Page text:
Pechanga Arena in the Midway District / File photo by Megan Wood

The San Diego City Council Tuesday confirmed Mayor Todd Gloria’s selection of a developer to revamp the Sports Arena area, making way for its proposal to rebuild the arena and build over 4,000 new homes in the Midway community.

The team was selected over two other development groups, and the selection was complicated ahead of the meeting over reporting from the Union-Tribune and La Prensa last week over a donation two years ago from the developer to a committee supporting Gloria’s mayoral election, and over past lawsuits against the developer that it had not disclosed when it bid on the opportunity.

Those accusations figured prominently among public commenters before the vote, but the City Council fixed its attention on other aspects of the transaction. The sharpest line of questioning came from Councilman Raul Campillo, who was the lone vote against the project.

He interrogated members of the development team over the arena developer’s experience leading projects this large, allegations of wage theft from contractors who had worked for the group in charge of affordable housing in the project, the use of a complex tax subsidy arrangement to upgrade infrastructure near the property and the proposal’s lack of attention to childcare for future residents.

Before voting against the project, he said the proposal’s reliance on round numbers for the homes it includes – 4,250 overall and 2,000 with price controls – indicated it was a vague promise rather than a realistic proposal based on firm analysis.

Campillo also took issue with repeated assurances throughout the meeting that the Council’s vote merely selected the developer to begin formal negotiations, and was not a final decision. City staff reiterated that the Council could approve a final development agreement after the city had completed an environmental analysis, in 18 months to two years.

A rendering of Midway Rising
A rendering of Midway Rising. / Rendering by Safdie Rabines Architects courtesy of Midway Rising

Realistically, he said, once the city devotes time and energy to one team and the other bidders move on, the city will not be incentivized to walk away from a deal and start over in two years.

“It matters to me not just what you can propose but what you can deliver, and not just what you promise but what your track record is,” he said.

The Council’s approval included the caveat that its independent budget analyst be allowed to sit in on negotiations between city staff and the developer – based on a request from Councilwoman Monica Montgomery Steppe – and that the developer and staff provide quarterly updates to City Council and the developer provide quarterly updates to the community.

Penny Maus, the city’s director of real estate and airport management, and a representative from Jones Lang Lasalle, a consultant the city hired to assess the three development proposals, each said multiple times that the project could undergo significant changes before the Council approves a final deal. The developer couldn’t assess the physical limitations of the site yet, Maus said, and once it did so it could learn that certain parts of its proposal weren’t feasible. The consultant’s analysis determined that the financial assumptions in the plan translated into a coherent financial strategy, but said there was “a lot more work to do to establish financial viability, to make sure proposals being made can become a commitment.”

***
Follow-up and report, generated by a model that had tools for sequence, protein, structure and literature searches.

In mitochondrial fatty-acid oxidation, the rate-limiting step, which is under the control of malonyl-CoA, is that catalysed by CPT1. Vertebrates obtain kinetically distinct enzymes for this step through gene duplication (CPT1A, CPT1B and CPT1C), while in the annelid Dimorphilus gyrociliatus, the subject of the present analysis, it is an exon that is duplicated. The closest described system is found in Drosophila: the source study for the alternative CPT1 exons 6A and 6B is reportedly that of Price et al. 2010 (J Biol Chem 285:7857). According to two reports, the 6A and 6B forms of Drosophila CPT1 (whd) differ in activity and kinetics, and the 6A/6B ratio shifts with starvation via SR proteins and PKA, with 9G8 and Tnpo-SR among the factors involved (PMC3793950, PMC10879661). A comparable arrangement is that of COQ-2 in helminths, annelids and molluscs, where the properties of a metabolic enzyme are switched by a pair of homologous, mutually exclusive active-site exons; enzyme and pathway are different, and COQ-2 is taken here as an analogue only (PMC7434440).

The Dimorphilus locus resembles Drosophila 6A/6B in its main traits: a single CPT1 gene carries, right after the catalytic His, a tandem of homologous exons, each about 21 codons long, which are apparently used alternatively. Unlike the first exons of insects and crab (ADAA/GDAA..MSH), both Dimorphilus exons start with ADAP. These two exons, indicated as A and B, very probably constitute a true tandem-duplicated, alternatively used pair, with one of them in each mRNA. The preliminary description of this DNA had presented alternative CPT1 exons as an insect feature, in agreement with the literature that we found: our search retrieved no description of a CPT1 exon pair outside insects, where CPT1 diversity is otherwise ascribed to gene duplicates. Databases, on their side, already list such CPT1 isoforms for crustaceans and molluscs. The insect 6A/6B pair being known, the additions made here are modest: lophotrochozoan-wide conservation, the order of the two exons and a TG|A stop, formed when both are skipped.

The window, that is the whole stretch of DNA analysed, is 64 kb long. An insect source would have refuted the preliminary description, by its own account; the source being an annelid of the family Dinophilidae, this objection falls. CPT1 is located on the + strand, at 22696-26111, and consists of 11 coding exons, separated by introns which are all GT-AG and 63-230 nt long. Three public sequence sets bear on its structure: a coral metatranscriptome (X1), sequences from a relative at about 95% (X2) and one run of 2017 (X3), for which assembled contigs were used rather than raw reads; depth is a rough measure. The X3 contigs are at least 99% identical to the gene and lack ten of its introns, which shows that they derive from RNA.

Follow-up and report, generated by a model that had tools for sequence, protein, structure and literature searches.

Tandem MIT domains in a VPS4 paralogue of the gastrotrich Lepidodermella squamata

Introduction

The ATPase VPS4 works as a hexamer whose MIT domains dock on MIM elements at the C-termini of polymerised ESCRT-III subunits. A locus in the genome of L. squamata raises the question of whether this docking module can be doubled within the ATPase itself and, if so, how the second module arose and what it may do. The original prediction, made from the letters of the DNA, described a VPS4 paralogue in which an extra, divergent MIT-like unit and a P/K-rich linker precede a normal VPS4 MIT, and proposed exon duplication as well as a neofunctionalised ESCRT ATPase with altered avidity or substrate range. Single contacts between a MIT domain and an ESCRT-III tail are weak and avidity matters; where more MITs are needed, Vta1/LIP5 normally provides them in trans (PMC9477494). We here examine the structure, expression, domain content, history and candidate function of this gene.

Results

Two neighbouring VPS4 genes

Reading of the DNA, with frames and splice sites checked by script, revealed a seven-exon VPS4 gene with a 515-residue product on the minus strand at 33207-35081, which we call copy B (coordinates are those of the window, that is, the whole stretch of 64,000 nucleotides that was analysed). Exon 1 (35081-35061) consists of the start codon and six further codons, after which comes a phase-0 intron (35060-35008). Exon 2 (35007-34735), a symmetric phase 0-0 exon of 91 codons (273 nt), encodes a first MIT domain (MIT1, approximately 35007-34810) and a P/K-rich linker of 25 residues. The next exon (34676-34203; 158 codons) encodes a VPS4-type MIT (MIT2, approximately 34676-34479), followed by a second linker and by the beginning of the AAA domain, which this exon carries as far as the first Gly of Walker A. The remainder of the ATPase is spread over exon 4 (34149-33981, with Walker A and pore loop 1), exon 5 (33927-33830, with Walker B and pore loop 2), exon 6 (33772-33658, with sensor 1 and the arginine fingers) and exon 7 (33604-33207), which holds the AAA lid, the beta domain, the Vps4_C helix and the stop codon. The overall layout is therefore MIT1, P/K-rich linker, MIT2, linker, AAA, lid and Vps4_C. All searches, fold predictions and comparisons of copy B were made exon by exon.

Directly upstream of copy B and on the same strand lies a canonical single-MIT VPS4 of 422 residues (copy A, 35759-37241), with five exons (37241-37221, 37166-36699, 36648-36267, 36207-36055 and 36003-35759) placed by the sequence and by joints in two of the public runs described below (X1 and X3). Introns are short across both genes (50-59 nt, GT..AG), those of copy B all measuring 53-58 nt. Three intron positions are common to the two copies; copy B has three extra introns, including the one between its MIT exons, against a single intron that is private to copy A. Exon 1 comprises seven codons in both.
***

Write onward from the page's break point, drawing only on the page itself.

A representative for the state’s housing department, meanwhile, said the city had to this point complied with a state law requiring that low-income housing be prioritized in the development of public land. The winning bid – called Midway Rising, including the developer Zephyr, the arena team Legends and Chelsea Investment Corporation for affordable housing – offered both the most homes and the most price-restricted homes. If the city had selected a different team, it would need to provide an adequate explanation of why it did so. The IBA said that would be difficult, since neither staff nor JLL expressed concern about the team’s ability to build those homes.

Councilwoman Marni von Wilpert said that was part of why she voted for the project.

“I don’t think we have an adequate explanation of why we wouldn’t choose the most units,” she said.

Andrew Keatts is a former managing editor for projects and investigations at Voice of San Diego.

Join the Conversation


  1. This vote is a large step, but it is not the final say. The entire project depends on approval of a measure to increase the height limit for the project and the surrounding district. Many people have concerns that raising the height limit here at the request of the developer, will open the door to raising the height limit along the coast also at the request of developers. That would allow them to wall off the coast with high rise Condos.

    That would fundamentally change the character of San Diego. We are a beach town, the views and beach access are why people choose to live here and why our tourist industry and its thousands of jobs, thrive. I am going to vote for keeping San Diego a beach town and keeping our tourist industry and its jobs as a vital part of our city. I will vote NO on raising the height limit and I urge you to do the same.

  2. Gloria can sell the devil holy water along with the little lady from a little house in Clairemont. And what about the esteemed San Diego County Lincoln Club, a group of mostly prominent developers and businessmen who endorsed another little lady named Luckas. Turns out Luckas is an ally of Saldana who opposes going tall. PT Barnum is smiling! And the girls at the Chicken Ranch are busy!

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